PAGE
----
Space Flight and the Temperature in the Thermosphere

The thermosphere is a layer of the Earth’s atmosphere from about 95 km­ to 600 km. It is named ‘thermosphere’ because its temperature increases with altitude. The temperature in the thermosphere can reach 2500°C. However, air density in the thermosphere is very low to the point that heat conduction practically does not occur. Objects in the thermosphere will feel cold.

Flat-Earthers discovered that the temperature in the thermosphere could reach 2500°C. They are happy to ignore the other information which usually accompanies it: the air density up there is also far lower.

The mass of the Earth’s atmosphere is concentrated in the lowest layers. 90% of all mass is below 16 km. 99.99997% is below 100 km. The thermosphere itself begins from 95 km upwards to about 600 km, and only 0.002% of the mass of Earth’s atmosphere resides in the thermosphere.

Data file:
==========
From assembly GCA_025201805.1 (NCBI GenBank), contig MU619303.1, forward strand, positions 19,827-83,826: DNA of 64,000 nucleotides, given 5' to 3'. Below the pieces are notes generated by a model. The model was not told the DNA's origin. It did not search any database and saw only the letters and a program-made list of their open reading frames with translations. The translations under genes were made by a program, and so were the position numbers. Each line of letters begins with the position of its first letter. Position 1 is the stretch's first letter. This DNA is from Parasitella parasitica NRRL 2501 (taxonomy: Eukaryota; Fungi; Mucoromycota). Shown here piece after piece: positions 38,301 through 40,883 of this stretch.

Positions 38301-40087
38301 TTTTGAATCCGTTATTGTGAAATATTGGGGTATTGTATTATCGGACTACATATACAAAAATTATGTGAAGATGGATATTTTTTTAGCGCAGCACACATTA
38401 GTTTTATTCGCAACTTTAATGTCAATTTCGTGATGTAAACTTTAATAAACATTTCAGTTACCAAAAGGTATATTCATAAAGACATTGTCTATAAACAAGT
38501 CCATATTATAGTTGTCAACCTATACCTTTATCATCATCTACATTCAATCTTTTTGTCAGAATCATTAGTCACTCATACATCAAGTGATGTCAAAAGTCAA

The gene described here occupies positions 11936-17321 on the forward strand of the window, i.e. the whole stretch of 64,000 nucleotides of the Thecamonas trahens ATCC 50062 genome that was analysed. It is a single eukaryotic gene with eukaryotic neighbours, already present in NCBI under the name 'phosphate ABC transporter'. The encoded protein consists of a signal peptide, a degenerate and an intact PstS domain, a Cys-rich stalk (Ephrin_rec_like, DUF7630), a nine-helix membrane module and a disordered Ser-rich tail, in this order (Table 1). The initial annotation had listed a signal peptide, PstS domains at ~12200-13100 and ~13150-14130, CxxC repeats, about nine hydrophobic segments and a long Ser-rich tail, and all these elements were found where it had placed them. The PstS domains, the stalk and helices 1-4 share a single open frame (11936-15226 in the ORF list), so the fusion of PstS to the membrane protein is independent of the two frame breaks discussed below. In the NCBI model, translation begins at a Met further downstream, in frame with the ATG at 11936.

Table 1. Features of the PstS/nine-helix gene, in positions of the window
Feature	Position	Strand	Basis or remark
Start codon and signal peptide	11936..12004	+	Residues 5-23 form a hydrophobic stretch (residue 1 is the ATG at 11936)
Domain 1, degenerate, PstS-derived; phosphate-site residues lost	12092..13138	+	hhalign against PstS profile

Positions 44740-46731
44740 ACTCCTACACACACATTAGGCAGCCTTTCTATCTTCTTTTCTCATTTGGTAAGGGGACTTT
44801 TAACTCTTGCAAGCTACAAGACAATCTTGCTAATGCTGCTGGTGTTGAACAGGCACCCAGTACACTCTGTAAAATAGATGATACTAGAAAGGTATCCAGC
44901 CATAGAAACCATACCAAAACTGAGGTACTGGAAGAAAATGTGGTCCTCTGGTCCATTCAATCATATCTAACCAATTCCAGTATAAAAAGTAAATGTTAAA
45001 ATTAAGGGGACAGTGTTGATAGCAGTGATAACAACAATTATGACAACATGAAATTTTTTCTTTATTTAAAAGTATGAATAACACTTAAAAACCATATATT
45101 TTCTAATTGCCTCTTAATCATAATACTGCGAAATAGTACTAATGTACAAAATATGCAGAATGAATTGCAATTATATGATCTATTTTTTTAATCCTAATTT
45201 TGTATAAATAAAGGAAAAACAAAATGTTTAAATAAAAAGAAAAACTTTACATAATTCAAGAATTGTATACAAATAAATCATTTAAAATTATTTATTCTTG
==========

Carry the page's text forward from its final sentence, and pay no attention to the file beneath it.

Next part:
Heat transfer is directly proportional to the difference of temperature and mass. Air molecules in the thermosphere may have 10× higher temperature than at the surface of the Earth. But at the same time, its density is 10.000.000.000.000× lower. As a result, it has less heat energy per unit volume compared to our bodies. We would not feel warm in the thermosphere, and a regular thermometer will indicate below 0°C.

The situation is not unlike if we get hit by splattering hot frying oil. Usually, it is not a big problem. The splattering oil has the same temperature as the boiling oil in the pan: it can reach 200°C/400°C! But at the same time, it has very little mass, unlike the oil in the pan.

The steam in some saunas can reach 100°C, the same temperature as boiling water. But we feel far less heat from sauna than from boiling water. The reason is that the density of steam is far less than that of water in the liquid form.

Sparks that are produced by lighter flints, grinding wheels, or sparklers can actually reach 1600°C. But it usually not a big problem for us because the mass is minuscule compared to our bodies.

References

CategoriesUncategorized